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Packers GM Ted Thompson Offers Strong Support for Clay Matthews, Julius Peppers

“We’re going to support our players,” Thompson said. “We’ve always supported our players and we will continue to support our players. This is no different in this case.”

The NFL’s ongoing investigation of Clay Matthews and Julius Peppers into their alleged use of performance-enhancing drugs is a complicated song and dance between the league and the NFL Players Association.

Deciding who to support in this simmering controversy, however, was “easy as pie” for Green Bay Packers general manager Ted Thompson.

“We’re going to support our players,” Thompson said in prepared remarks at the start of Tuesday’s news conference. “We’ve always supported our players and we will continue to support our players. This is no different in this case.”

Thompson went on to say that he would not have any further comment into the matter. Thompson was asked five more questions on the subject, refusing only to answer whether Matthews and Peppers have spoken to league investigators now that the NFL has placed an Aug. 25 deadline for them to do so. If they don’t submit to interviews, they’ll be suspended indefinitely starting on Aug. 26, the date of Green Bay’s preseason game at San Francisco.

Neither Matthews nor Peppers were in the locker room during a media session scheduled directly before Thompson’s press conference.

Matthews and Peppers are among the players who were implicated in an Al Jazeera America documentary for using performance-enhancing drugs. The man behind “The Dark Side” allegations, a former intern at an anti-aging clinic, has recanted what he said in hidden-camera videos that aired in late December.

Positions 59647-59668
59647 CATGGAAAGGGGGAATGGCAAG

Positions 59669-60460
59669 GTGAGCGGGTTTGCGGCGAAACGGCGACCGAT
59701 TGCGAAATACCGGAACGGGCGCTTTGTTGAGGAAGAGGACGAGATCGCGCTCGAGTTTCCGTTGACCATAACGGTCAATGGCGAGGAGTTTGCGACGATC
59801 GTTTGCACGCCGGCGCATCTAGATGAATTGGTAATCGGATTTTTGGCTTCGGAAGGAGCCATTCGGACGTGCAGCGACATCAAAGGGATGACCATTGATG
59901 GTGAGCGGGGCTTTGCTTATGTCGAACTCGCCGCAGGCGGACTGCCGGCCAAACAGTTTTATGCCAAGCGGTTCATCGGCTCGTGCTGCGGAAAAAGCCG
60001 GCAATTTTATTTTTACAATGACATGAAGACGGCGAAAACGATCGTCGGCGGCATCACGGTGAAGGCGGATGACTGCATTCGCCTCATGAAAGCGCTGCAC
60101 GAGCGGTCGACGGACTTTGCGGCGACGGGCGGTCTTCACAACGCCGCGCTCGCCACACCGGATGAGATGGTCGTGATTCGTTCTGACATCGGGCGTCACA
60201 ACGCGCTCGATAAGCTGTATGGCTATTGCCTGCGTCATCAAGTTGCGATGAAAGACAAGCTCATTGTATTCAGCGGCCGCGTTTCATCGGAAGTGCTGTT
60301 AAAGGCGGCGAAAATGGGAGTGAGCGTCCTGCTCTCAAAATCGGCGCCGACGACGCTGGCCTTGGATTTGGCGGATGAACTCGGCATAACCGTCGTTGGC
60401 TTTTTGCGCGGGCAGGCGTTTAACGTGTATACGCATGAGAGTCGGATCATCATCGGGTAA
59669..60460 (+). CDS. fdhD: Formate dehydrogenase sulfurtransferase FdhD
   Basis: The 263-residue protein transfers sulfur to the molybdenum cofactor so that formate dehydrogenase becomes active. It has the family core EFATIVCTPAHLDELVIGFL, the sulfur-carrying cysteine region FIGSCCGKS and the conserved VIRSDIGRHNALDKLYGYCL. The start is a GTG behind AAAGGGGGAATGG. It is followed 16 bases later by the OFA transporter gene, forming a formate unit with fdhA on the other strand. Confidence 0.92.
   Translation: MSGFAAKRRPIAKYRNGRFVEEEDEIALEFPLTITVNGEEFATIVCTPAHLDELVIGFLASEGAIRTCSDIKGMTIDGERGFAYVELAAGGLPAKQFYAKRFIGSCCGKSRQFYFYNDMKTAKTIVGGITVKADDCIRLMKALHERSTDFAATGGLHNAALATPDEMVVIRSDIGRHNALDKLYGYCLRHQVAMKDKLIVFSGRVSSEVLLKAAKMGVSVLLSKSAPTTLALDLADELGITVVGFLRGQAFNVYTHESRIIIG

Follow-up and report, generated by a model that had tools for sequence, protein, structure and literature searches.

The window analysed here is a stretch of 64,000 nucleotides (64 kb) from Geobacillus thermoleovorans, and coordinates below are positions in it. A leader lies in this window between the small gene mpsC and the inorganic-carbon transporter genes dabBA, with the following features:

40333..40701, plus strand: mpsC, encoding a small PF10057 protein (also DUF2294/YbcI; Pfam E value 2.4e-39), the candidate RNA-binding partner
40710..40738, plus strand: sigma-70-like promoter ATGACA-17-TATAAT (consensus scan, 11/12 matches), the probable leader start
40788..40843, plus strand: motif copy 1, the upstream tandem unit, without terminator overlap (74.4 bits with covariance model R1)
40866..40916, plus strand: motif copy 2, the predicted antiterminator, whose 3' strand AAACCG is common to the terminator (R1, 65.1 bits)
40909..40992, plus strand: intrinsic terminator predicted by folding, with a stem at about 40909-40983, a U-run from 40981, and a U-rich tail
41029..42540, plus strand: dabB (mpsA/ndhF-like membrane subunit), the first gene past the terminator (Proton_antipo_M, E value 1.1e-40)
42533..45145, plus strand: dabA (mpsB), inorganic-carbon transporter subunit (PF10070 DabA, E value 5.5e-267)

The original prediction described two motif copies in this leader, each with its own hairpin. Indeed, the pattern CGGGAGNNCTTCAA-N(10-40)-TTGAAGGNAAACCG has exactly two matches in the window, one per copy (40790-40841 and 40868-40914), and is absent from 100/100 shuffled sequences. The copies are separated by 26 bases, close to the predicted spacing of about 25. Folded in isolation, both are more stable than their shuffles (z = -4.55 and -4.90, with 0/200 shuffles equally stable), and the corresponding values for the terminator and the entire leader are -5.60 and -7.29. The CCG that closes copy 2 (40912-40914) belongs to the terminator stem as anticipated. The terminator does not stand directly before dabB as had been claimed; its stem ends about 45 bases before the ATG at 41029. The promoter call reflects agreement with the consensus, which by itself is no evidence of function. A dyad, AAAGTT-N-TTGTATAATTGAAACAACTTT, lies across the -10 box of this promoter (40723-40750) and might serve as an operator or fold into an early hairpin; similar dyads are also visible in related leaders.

While the NFL has cleared Peyton Manning, who also was named in the documentary, it continues to press forward with investigations of Matthews, Peppers, former Packers linebacker Mike Neal and Steelers linebacker James Harrison. Speaking during the first day of camp, Matthews said the NFL “know(s) where to find me.”

However, according to the league, the interviews have not taken place, despite repeated requests.

With the NFL’s clock ticking, there’s no doubt more behind-the-scenes maneuvering is taking place between the league and the union. Nonetheless, there’s at least a small chance that the Packers will be without two of their premier defenders for the Sept. 11 opener at Jacksonville.

Thompson said there are no contingency plans in place should there be suspensions, but did add, “You’d rather have those players than not.”

Thompson is in a difficult spot. He’s not a league employee, but his boss, Mark Murphy, works closely with the league in his role as the Packers’ president.

Thompson, however, needs Matthews and Peppers in the lineup.

Still, he’s got his players’ backs.

“I think everybody’s going to have an opinion on things. It is what it is,” Thompson said. “I’m sure there’s a lot of people that don’t understand what’s going, that would include probably most of the people in this room, including me. It’s a little more complicated than you might want it to be. But I think the more people pipe in, especially somebody like me, into the whole serenade, the less likely it is that it will work itself out.”

Bill Huber is publisher of and has written for Packer Report since 1997. E-mail him at or leave him a question in Packer Report’s subscribers-only Packers Pro Club forum. Find Bill on Twitter at

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